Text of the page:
Five employment law developments to be aware of in April

office group of peopleApril is set to serve up a fresh batch of employment law developments that employers must be aware of in order to remain compliant. Alan Price explains.

National minimum wage

National minimum wage (NMW) rates are scheduled to increase for all pay reference periods which start on or after 1 April 2019, meaning that all minimum wage workers will be due a boost in pay.

Those aged 25 and over will be entitled to a minimum of £8.21 per hour, while those who qualify for the different NMW age bandings will also benefit from increases.

It is important for employers to review and amend their pay practices ahead of time to ensure that NMW staff continue to receive the correct rate for their age.

Statutory sick pay

The qualifying criteria for statutory sick pay (SSP), as well as the amount of money that staff will be entitled to earn each week, will change from 6 April 2019. This means that individuals will need to earn at least £118 per week in order to qualify for weekly payments of £94.25.

Similarly, the rate of pay for maternity, paternity, adoption and shared parental pay will increase to £148.68 per week from 7 April 2019, which may mean that employers will have to amend their policies accordingly. 


Employers will have to rethink their payslip process from 6 April 2019, as both employees and workers will be entitled to receive itemised pay statements from this day onwards.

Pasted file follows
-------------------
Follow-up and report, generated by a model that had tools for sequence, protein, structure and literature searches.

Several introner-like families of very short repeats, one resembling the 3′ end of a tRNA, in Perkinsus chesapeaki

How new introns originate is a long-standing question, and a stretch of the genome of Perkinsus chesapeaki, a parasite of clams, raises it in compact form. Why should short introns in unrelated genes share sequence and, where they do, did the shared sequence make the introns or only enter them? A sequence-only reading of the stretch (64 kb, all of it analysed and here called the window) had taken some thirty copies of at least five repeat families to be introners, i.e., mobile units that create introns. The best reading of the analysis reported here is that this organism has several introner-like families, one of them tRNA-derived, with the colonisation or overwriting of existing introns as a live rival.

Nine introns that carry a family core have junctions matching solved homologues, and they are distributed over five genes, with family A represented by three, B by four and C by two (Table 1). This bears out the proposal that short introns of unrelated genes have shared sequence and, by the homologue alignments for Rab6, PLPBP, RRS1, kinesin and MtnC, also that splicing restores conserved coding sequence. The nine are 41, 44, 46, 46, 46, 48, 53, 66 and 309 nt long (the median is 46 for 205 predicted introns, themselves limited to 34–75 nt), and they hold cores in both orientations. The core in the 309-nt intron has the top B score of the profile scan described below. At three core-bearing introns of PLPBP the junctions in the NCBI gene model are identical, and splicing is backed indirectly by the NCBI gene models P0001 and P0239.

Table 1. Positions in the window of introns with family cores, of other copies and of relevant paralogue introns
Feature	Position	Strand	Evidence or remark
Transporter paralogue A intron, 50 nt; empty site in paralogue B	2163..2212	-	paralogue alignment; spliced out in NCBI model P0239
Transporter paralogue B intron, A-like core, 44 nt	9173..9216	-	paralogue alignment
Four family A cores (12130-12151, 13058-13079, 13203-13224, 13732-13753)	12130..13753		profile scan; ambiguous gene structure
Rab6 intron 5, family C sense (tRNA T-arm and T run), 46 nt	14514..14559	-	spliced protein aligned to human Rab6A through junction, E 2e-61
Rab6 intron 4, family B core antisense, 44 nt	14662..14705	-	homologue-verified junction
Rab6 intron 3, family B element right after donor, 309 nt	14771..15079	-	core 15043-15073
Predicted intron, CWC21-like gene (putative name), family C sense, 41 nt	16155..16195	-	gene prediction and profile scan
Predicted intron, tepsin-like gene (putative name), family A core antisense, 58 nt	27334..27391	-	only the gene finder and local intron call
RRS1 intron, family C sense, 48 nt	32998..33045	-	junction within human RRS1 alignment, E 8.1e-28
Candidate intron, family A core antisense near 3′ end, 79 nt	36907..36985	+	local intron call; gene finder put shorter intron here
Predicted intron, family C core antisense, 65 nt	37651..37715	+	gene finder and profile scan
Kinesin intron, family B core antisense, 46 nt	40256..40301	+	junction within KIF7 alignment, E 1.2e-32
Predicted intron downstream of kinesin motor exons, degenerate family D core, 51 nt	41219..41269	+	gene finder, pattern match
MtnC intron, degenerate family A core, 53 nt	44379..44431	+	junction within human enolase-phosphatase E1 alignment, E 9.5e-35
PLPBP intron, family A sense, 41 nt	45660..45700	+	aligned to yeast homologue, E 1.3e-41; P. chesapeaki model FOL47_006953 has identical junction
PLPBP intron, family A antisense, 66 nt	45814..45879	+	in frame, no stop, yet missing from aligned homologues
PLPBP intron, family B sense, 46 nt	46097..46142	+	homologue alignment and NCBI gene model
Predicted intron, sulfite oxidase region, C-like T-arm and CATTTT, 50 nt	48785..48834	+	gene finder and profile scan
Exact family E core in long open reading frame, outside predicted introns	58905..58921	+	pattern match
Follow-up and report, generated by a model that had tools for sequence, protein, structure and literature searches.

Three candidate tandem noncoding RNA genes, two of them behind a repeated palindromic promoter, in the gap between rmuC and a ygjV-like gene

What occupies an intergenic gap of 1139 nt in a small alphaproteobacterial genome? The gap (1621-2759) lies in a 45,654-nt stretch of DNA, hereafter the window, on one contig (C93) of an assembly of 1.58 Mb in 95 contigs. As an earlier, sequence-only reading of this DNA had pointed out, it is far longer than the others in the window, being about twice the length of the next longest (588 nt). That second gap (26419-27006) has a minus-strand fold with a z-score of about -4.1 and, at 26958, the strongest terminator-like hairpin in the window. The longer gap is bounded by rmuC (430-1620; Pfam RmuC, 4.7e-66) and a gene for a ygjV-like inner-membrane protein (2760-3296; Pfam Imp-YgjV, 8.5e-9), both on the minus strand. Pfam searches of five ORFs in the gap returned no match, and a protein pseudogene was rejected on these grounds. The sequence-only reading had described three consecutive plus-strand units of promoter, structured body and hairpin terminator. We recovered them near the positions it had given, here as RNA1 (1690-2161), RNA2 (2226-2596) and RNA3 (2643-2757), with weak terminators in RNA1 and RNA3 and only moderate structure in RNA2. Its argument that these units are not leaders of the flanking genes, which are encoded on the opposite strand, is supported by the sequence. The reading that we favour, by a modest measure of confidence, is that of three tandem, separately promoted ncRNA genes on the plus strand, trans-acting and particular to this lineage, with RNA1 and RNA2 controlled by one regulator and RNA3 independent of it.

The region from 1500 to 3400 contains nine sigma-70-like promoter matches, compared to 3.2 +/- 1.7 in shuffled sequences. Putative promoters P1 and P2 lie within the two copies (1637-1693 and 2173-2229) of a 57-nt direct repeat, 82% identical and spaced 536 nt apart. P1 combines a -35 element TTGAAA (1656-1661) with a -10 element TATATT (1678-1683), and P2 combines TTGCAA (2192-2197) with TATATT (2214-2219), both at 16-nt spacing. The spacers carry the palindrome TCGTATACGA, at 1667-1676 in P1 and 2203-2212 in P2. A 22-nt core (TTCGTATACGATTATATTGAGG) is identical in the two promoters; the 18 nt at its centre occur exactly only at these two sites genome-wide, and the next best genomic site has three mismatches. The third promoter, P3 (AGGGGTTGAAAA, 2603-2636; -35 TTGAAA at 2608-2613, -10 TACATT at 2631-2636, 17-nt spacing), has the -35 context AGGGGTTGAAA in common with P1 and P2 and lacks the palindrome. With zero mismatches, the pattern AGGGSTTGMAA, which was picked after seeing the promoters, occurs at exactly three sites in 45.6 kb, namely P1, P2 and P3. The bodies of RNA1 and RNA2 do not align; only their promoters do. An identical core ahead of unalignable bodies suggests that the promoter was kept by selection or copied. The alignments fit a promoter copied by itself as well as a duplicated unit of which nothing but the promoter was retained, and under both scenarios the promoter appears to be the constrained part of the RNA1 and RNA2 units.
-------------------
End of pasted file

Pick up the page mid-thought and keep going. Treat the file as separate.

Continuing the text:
Payslips will also need to include the total number of hours worked, where this influences pay, meaning that payroll and HR departments will need to work in unison to ensure relevant staff receive their payslips in accordance with these new requirements.

Pension contributions

Employers’ approach to pensions will need adjusting in 2019, as the minimum auto-enrolment contributions will increase from 6 April 2019. Employers and workers will need to contribute 3 per cent and 5 per cent of an employee’s pre-tax salary respectively each month, and payroll departments will need to be on the ball to avoid reprisals from the pensions regulator. (See our pensions auto-enrolment changes FAQs.)

Tribunal pay-outs      

The amount of money employees could be due for a successful tribunal claim also increases from 6 April 2019. From this date, successful claims for unfair dismissal could result in a maximum compensation payout of £102,194, which means that employers will need to be extra careful in making sure their procedures are fair and appropriate when taking disciplinary action.

As April draws ever closer, employers will need to be aware of these impending changes, and should set aside the time needed to prepare for them. 

About the author

Alan Price is Peninsula Group's operations director and HR expert. Peninsula offers HR, employment law and health and safety support services to businesses, as well as tax and payroll advice, employee assistance programmes and HR and health and safety training. 

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